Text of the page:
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Wisc. memorial: "In valor, there is hope"


May 15, 2007
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Wisc. memorial: "In valor, there is hope"

By Maria Lockwood
The Daily Telegram

Superior, Wisc. — The public is invited to gather around a solitary monument in the Government Center atrium at noon Thursday to remember heroes.

Six names are inscribed on the marble pillar -- Superior Police officers who lost their lives in the line of duty.

They are a reminder, said Superior Police Chief Floyd Peters, that "freedom in our own country isn't free. It was paid for with the blood of many police officers."

A national memorial in Washington D.C. bears the names of more than 17,900 officers who have fallen in the line of duty. That number includes 241 from Wisconsin. Beside each name is the inscription, "In valor, there is hope." The names of the Wisconsin fallen are also found on a memorial in Madison.

Thursday's Law Enforcement Memorial Ceremony is a central part of National Law Enforcement Memorial Week, May 13-19.

The event serves two purposes, said Douglas County Sheriff Tom Dalbec. It's a tribute to the officers who died helping others and also a reminder for residents to keep the officers currently serving "in their thoughts and prayers."

For Terry Jacobson of Superior, the ceremony is personal. His grandfather, Constable A. G. (Adolf) Jacobson, was shot and killed April 18, 1941, while serving papers at an East End residence.

"If you look at a lot of the officers that fall in the line of duty, they get up every day to do a job and every day, I know it's kind of a worn-out phrase, but they put their life on the line every day," he said. "Things like that can happen at the most unexpected moments."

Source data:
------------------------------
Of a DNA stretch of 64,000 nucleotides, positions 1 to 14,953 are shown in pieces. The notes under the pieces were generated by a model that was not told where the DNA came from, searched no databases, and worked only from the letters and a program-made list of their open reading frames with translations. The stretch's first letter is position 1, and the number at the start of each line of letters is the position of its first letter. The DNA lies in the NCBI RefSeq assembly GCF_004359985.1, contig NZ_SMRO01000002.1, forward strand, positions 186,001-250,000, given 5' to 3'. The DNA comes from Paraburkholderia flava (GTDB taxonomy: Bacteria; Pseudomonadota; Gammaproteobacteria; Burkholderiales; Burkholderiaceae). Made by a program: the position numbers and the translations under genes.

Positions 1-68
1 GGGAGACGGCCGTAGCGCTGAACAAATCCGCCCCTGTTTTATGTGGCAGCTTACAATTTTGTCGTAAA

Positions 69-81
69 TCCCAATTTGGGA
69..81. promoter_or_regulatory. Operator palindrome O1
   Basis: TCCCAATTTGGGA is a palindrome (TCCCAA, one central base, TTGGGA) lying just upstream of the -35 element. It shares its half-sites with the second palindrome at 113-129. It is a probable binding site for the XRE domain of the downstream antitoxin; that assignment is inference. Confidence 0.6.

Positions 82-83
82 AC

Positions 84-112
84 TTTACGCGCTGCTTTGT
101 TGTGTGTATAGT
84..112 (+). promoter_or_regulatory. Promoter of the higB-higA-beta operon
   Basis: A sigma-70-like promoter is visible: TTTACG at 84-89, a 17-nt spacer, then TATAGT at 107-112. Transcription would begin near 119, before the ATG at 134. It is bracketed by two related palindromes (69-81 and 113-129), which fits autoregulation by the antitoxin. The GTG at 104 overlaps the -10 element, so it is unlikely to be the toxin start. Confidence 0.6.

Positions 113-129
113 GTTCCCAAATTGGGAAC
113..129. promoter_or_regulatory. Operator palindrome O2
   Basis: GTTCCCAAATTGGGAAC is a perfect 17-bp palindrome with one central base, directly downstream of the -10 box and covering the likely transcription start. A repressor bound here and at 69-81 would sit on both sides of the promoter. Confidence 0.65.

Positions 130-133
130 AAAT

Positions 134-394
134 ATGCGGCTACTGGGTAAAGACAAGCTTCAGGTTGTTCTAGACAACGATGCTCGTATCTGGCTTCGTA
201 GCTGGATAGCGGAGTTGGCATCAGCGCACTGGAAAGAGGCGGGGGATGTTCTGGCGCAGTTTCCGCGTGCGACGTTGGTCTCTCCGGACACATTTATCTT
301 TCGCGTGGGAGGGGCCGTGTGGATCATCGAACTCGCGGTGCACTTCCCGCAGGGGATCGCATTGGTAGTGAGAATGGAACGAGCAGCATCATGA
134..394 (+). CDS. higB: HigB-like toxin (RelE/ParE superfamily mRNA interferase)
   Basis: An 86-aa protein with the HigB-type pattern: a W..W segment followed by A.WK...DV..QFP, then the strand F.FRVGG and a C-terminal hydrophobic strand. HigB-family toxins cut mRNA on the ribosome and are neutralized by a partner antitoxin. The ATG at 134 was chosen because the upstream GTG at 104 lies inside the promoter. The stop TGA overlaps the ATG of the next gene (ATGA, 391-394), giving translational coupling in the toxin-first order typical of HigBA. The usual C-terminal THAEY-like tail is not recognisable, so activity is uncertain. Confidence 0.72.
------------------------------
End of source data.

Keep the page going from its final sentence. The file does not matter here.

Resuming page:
The nature of the job sets law enforcement officers apart.

"Police officers are ordinary people who do extraordinary things," Peters said. "When other people run away from danger and tragedy, police officers run into the problems and into danger to protect us, even at the cost of their lives."

But, he said, that's what they do.

"Most cops will tell you that helping people in need is a moment they live for even if it means putting their own life at risk," he said.

This is the second year the ceremony has encompassed both sides of the bridge. Along with Superior's fallen six, seven Duluth Police officers who died in the line of duty and one St. Louis County deputy who died while on the job in 2002 will be remembered.

The ceremony will include a joint honor guard, the sound of bagpipes, comments by local law enforcement leaders and a student's rendition of "Taps." Superior Mayor Dave Ross will be the keynote speaker.

Even representatives from Canada are expected to attend.

"We're all brothers and sisters working for a common good," Peters said. That bond "crosses bridges and borders and national lines, even."

The event will focus on those who have been lost and those who carry on their work -- to serve and protect.

As Ross wrote in his proclamation declaring May 13-19 Law Enforcement Memorial Week, "may we never forget the sacrifice each has made."

Copyright 2007 The Daily Telegram

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